Pebble Beach National Pro-Am Golf: Chez Reavie leads as Jordan Spieth struggles
American Chez Reavie rebounded superbly from missed cuts in his last two PGA Tour starts to fire an eight-under-par 63 and grab a one-shot lead in the opening round of the Pebble Beach National Pro-Am on Thursday.
While some of the biggest names in the game battled hard to post sub-par scores, Reavie covered his final nine holes in a sizzling seven-under 30 at Monterey Peninsula Country Club, the easiest of the three venues being used for this week's event.
That left Reavie, whose only PGA Tour victory came at the 2008 Canadian Open, one stroke in front of Australian Cameron Smith and American Bronson Burgoon, who also played at Monterey Peninsula, after a picture postcard day of unbroken sunshine.
Swede Freddie Jacobson had the best score at the Pebble Beach host course, a seven-under 65, while Englishman Justin Rose and American J.B. Holmes were best at Spyglass Hill, with six-under 66.
I played the hardest holes on this golf course: Jordan Spieth
World number one Jordan Spieth, back on the PGA Tour after playing tournaments in Abu Dhabi and Singapore, struggled with his short game as he mixed four birdies with three bogeys for an opening 71 on the challenging Spyglass Hill layout.
"I played the hardest holes on this golf course in four under par and then I played all the easy ones over par," Spieth, 22, told Golf Channel. "It's kind of a bit odd.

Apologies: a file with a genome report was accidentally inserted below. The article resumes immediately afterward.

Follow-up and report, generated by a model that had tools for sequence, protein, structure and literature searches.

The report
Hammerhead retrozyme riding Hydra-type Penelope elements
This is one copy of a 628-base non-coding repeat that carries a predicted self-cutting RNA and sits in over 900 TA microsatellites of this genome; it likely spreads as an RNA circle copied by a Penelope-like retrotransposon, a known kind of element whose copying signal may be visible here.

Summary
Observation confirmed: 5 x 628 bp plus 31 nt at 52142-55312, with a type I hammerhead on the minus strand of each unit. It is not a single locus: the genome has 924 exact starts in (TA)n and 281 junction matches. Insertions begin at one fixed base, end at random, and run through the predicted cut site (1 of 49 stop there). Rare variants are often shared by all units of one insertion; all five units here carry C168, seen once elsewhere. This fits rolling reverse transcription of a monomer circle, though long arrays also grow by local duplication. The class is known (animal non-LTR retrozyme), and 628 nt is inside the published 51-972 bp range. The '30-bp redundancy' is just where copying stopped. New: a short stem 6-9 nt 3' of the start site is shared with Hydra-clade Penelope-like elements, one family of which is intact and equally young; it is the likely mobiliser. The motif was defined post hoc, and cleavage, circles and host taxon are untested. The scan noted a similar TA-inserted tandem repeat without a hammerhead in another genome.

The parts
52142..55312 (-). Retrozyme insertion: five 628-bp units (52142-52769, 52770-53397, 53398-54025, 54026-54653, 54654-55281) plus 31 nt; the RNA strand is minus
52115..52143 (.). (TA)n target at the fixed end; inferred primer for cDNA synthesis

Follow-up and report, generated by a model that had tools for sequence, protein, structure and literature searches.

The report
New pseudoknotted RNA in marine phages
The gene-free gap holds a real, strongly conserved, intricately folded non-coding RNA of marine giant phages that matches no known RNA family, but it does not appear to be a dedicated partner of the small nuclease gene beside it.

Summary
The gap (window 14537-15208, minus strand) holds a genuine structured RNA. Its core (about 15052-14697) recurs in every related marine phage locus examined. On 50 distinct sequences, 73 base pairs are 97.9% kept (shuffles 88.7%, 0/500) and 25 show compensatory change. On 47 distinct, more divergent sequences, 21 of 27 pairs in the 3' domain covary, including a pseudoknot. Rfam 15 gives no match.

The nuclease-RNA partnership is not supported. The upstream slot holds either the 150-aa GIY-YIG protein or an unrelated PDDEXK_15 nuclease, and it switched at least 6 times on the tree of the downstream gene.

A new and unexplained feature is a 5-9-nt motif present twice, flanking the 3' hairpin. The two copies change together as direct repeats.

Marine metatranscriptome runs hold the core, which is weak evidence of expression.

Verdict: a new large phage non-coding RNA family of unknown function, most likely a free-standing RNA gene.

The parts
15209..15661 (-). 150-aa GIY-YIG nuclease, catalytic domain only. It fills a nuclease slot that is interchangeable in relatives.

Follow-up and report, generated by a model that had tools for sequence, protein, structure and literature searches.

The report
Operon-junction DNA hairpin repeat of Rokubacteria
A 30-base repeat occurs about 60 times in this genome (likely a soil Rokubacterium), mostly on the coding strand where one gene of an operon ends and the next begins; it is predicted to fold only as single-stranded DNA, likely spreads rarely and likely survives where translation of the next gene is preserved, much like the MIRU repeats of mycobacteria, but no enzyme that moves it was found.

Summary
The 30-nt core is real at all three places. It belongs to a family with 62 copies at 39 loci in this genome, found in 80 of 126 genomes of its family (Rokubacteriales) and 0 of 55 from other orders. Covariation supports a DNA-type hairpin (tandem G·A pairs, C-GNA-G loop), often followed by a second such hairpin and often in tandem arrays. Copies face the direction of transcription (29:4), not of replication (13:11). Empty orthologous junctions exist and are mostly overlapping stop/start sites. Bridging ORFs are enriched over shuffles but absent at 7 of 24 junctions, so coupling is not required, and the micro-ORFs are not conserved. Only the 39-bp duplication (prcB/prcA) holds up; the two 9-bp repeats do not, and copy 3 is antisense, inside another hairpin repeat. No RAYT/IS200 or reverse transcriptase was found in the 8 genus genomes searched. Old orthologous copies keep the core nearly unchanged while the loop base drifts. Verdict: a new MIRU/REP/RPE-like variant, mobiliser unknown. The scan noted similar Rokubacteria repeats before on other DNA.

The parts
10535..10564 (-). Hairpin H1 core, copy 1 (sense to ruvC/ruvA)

"I'm just not quite dialled in with my wedges or with the short game right now. I had three (birdie) chances on par-fives greenside, just little chip shots, basic shots, and I made par as well as bogeying that 115-yard par-three.
"So a little frustrating with that but, all in all, to actually shoot one under with what I felt like I should have shot today is promising, considering we are going to the two easier courses, in my mind."
It’s a little frustrating: Jason Day
Australian world number three Jason Day also had to fight hard as he matched Spieth with a 71 at Spyglass Hill.
"It's a little frustrating," said Day, who birdied two of his last six holes to finish the round with something of a flourish.
"I feel like I am hitting the ball pretty good and then I stand over some shots and I just don't quite have the control that I would like to have.
"I feel okay with how I am driving it. I feel like it's really close. Once I start getting that control back in the swing and I start gaining a little bit more confidence, then hopefully from there I will start playing a little better."
(Reporting by Mark Lamport-Stokes in Los Angeles; Editing by Andrew Both)